(1) Stefan is a journalist and he travels to Frankfurt to investigate tax fraud. When he gets there, he finds an amoral broker in the bank who was defrauding the state and had even laundered money. Stefan comes closer to him and wants to record the boasting of the capitalist on tape. This encounter will stay in his memory for a long time. Stefan interviews a hyena and will portray the broker unforgivingly.

In the last sentence, we encounter a metaphoric vehicle (hyena) as the object of a verb (interviews), but no explicit metaphoric topic. However, the verb does provide specific clues regarding what the topic is. This is because the verb has a (relatively) narrow set of selectional restrictions (Katz & Fodor, Reference Katz and Fodor1963; Wilks, Reference Wilks1975), which generally require its object (i.e., the interviewee) to be human. It is likely that, upon encountering the verb, the verb’s most likely object given the discourse context (the amoral broker) will be activated. This, in turn, should prompt the reader to understand the verb’s object (hyena) metaphorically (i.e., as the vehicle), as a reference to the broker. Now, imagine that you encounter the final sentence in (1) without a discourse context. You might be inclined to understand the sentence literally, that is, as Stefan interviewing a literal hyena. This illustrates that these metaphors are rather context-dependent.

Finally, imagine that (1) were written in German. German syntax alternates from a subject–verb–object to a subject–object–verb surface structure in the presence of an auxiliary verb. The last sentence of the German version of (1) could then be Stefan wird eine Hyäne interviewen und wird unerbittlich das Raubtier porträtieren (literal translation: ‘Stefan will a hyena interview and will unforgivingly the predator portray’). Here, the position of the vehicle (‘hyena’) changes relative to the verb (‘to interview’). In short, metaphors that appear in German verb–object constructions allow us to examine a case in which there is no explicit metaphoric topic, the sequence relationship between elements is flexible, and metaphor comprehension critically depends on context.

What could we expect to happen during processing of these metaphors? First of all, we would expect them not to be understood as metaphors in the absence of context. Second, we can expect that, if the sequential order of the elements of these metaphors affects processing, there should be differences between the verb–object and the object–verb sequences. Third, if any sequential order effects emerge, and if they are a consequence of metaphoric processing, we should expect them not to appear when the sentences are understood literally or in isolation. These expectations are made explicit in the predictions section of Experiment 1. In Section 4, we explore the potential consequences of these predictions for theories on metaphor processing.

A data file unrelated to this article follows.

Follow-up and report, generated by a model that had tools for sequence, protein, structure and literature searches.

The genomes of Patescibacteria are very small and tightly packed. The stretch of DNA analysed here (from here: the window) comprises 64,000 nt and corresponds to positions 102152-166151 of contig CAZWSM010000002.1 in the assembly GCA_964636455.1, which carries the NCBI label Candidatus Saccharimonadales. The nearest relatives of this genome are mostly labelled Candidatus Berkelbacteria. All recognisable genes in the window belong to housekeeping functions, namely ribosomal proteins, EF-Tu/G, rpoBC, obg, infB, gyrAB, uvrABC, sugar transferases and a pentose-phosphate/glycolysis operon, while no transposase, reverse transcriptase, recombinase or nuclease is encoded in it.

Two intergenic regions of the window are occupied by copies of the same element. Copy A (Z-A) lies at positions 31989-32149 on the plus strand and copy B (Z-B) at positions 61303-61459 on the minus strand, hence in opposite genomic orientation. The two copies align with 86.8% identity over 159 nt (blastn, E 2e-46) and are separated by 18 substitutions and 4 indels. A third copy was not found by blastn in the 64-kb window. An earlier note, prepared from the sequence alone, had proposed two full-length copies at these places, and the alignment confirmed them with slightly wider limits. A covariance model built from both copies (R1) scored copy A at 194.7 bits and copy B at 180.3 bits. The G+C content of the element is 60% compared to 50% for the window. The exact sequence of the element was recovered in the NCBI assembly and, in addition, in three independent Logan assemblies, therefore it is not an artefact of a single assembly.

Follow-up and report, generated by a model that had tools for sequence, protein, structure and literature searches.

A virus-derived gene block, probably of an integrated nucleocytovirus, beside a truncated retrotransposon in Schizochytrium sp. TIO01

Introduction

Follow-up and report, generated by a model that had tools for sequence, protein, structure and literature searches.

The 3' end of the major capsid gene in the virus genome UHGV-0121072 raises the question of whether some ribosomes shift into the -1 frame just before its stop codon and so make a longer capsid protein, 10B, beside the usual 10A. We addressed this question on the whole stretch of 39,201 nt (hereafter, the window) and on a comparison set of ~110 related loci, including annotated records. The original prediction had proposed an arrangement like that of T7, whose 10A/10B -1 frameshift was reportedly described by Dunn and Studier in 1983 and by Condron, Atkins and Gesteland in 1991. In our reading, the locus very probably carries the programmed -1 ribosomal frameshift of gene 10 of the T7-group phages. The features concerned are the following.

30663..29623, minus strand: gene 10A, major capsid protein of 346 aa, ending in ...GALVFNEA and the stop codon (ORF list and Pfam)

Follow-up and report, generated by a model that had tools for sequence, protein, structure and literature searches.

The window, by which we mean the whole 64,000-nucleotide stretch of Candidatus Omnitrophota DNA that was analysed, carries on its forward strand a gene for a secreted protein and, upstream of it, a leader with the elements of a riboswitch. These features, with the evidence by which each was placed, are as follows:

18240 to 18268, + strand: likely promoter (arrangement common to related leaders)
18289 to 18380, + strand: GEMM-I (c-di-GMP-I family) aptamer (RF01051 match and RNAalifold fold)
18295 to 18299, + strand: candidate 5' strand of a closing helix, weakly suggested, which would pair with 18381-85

1.4. What drives the anticipation of postverbal objects?

A critical part of our investigation is that hearing the verb interviewt will activate a mental representation of its most likely object Makler (‘broker’). This is based on research on the anticipation of postverbal objects. Altmann and Kamide (Reference Altmann and Kamide1999) found that when participants hear sentences that include verbs with narrow argument selection restrictions (such as eats in the sentence the boy eats cake in a context with only one edible object), participants’ eye movements anticipated the edible object upon hearing the verb. This effect has been replicated successfully with larger samples (Hintz et al., Reference Hintz, Meyer and Huettig2017) and even 2-year-old children (Mani & Huettig, Reference Mani and Huettig2012). Importantly, Kamide et al. (Reference Kamide, Altmann and Haywood2003a) found that when a verb does not provide enough constraining information on its own (such as ride), participants incorporate their knowledge about the subject (e.g., the girl will ride… vs. the man will ride…) to anticipate an appropriate object (e.g., a motorbike or a carousel). Similarly, listeners can incrementally use the combination of object and verb to anticipate a likely upcoming subject (Guerra et al., Reference Guerra, Bernotat, Carvacho and Bohner2021; Kamide et al., Reference Kamide, Scheepers and Altmann2003b).

These findings raise the question of what exactly drives the anticipation of postverbal objects. Nieuwland and Van Berkum (Reference Nieuwland and Van Berkum2006), for example, found that when an object mismatches its verb’s selectional restrictions, hearing the object does not elicit an N400 effect if a supportive discourse precedes it. Does this mean that a discourse context is stronger than the verb’s selectional restrictions in terms of facilitating anticipation? Consider (2) below:

(2) Stefan is a journalist and travels to Africa to investigate animal cruelty. When he gets there, he finds an unusual predator in the desert that has been severely mistreated and even shot. Stefan comes closer to it and is going to record the animal’s sad groaning on tape. This encounter will stay in his memory for a long time. Stefan interviews a hyena and will portray the predator unforgivingly.

Upon hearing the verb in the final sentence (if one were hearing the last sentence word by word), its selectional restrictions [+human] are likely perceived to be at odds with the contextually plausible referent (the hyena). What object – if any – would a comprehender anticipate? Our study addresses this question together with the central questions regarding the effect of context and of element sequence on metaphor comprehension.